Silver bullion coins are available in an array of sizes, from 1/25 oz. to 1 kilo, with the most popular option being the 1 oz. coin. Examples of silver bullion coins include the 1 oz. Pearl Harbor Silver Coin and the 1 oz. Silver American Eagle. Many of the bullion coins sold by U.S. Money Reserve are authorized legal tender from the U.S. Mint and are guaranteed by the U.S. government for their silver content, weight, and purity. These coins are also small, easy to store securely and secretly, and easy to transport if need be.

Why Buy Certified Silver Coins?

Certified silver coins are different from their bar and bullion coin counterparts in many ways. One important way they differ from bullion coins is in how they're evaluated and graded based on their rarity and state of preservation. The price of a bullion coin is, in large part, tied to the spot price of silver, while the price of a certified coin is also tied to its numismatic value. One of the key benefits to holding certified coins is the fact that they offer insulation from spot price volatility, since their melt value comprises just one part of their upside potential.

(A quick note for precious metals novices: when we say spot price, we're referring to the current market price at which silver or gold is bought or sold for immediate payment and delivery. The spot price differs from a forward or futures price, which indicates the price at which gold or silver may be bought or sold for in the future.)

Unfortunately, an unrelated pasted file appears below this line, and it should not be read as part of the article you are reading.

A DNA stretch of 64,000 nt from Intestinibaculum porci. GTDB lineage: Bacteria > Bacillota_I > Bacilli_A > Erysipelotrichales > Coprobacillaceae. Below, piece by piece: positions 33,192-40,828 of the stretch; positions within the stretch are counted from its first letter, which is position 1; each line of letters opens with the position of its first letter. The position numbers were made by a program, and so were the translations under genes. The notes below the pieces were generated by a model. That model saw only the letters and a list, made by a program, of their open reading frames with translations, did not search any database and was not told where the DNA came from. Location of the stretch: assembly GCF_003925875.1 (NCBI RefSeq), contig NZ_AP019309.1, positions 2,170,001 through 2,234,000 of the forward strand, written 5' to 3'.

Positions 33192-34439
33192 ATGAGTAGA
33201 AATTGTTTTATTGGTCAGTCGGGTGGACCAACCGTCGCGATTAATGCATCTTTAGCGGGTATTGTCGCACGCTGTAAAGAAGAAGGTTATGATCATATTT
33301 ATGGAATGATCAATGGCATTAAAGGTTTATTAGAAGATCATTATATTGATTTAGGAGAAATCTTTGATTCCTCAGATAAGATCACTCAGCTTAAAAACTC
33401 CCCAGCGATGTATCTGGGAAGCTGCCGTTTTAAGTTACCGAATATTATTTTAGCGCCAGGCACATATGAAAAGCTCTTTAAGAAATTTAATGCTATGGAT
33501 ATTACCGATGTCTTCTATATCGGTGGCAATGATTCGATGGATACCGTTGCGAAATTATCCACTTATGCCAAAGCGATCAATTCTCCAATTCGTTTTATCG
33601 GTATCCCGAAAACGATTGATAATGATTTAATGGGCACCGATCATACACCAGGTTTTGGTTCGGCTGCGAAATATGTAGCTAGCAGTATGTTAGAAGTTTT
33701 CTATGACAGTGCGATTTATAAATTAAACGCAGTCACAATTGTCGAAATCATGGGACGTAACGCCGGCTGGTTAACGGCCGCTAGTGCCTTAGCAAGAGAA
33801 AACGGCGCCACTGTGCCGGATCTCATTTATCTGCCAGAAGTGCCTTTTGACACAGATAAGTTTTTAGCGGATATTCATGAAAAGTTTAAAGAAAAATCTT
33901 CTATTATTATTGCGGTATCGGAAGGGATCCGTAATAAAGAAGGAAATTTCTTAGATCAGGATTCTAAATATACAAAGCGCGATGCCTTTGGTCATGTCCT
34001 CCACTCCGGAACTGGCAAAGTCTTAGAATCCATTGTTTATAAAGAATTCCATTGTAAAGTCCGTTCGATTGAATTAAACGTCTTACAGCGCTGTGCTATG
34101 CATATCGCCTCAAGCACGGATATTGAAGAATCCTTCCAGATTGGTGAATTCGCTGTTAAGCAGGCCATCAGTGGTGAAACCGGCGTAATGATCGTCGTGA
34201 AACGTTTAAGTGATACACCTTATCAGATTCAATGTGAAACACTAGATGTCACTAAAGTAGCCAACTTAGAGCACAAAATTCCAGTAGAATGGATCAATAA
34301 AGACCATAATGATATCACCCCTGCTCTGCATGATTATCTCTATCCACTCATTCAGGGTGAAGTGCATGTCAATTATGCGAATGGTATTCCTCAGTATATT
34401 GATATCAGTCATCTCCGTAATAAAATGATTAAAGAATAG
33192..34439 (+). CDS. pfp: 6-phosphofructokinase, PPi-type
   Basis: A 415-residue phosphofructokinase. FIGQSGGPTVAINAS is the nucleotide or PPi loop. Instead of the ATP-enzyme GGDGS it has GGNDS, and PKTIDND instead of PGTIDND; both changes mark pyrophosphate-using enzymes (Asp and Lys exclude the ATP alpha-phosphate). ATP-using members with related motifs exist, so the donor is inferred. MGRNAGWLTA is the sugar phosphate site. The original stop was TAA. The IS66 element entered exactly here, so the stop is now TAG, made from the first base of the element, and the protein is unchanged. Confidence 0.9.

When graded, a certified coin's condition and rarity are evaluated by a third-party grading service, like Professional Coin Grading Service (PCGS). A certified coin arrives in a sonically sealed plastic slab with a unique registration number that you can use to verify the coin's authenticity at any time, online or over the phone. The most popular certified silver coins include the 1 oz. Silver American Eagle Proof Coin (first strike) and the 1 oz. Mint State Silver American Coin. These coins are authorized U.S. legal tender and are guaranteed by the U.S. government for their weight, content, and purity.

Due to their grading, rarity, and insulation from spot market volatility, certified silver coins can better achieve greater potential when held for long periods of time. By nature, their scarcity allows for increased potential.

“Being in a rush when buying or selling will lead to poor results,” says former President of the Professional Numismatists Guild, Jeff Garrett. “How long you are willing to hold your coins is a major element to being a successful” coin holder, says Garrett.

If you're looking for short-term growth, however, bullion coins, could be a better choice for you.

Silver's Enduring Appeal

Whether you're buying silver as a hedge against inflation, as a means of potentially growing your existing pool of wealth, or as a means of financial survival in the event of a financial crisis, you'll be joining a centuries-long legacy of silver ownership when you make your purchase. Call U.S. Money Reserve today at 1-844-307-1589 to learn more about this diverse, time-tested precious metal. Our experienced Account Executives will provide you with a one-on-one consultation to help you better understand which type and amount of silver may best fit your financial goals.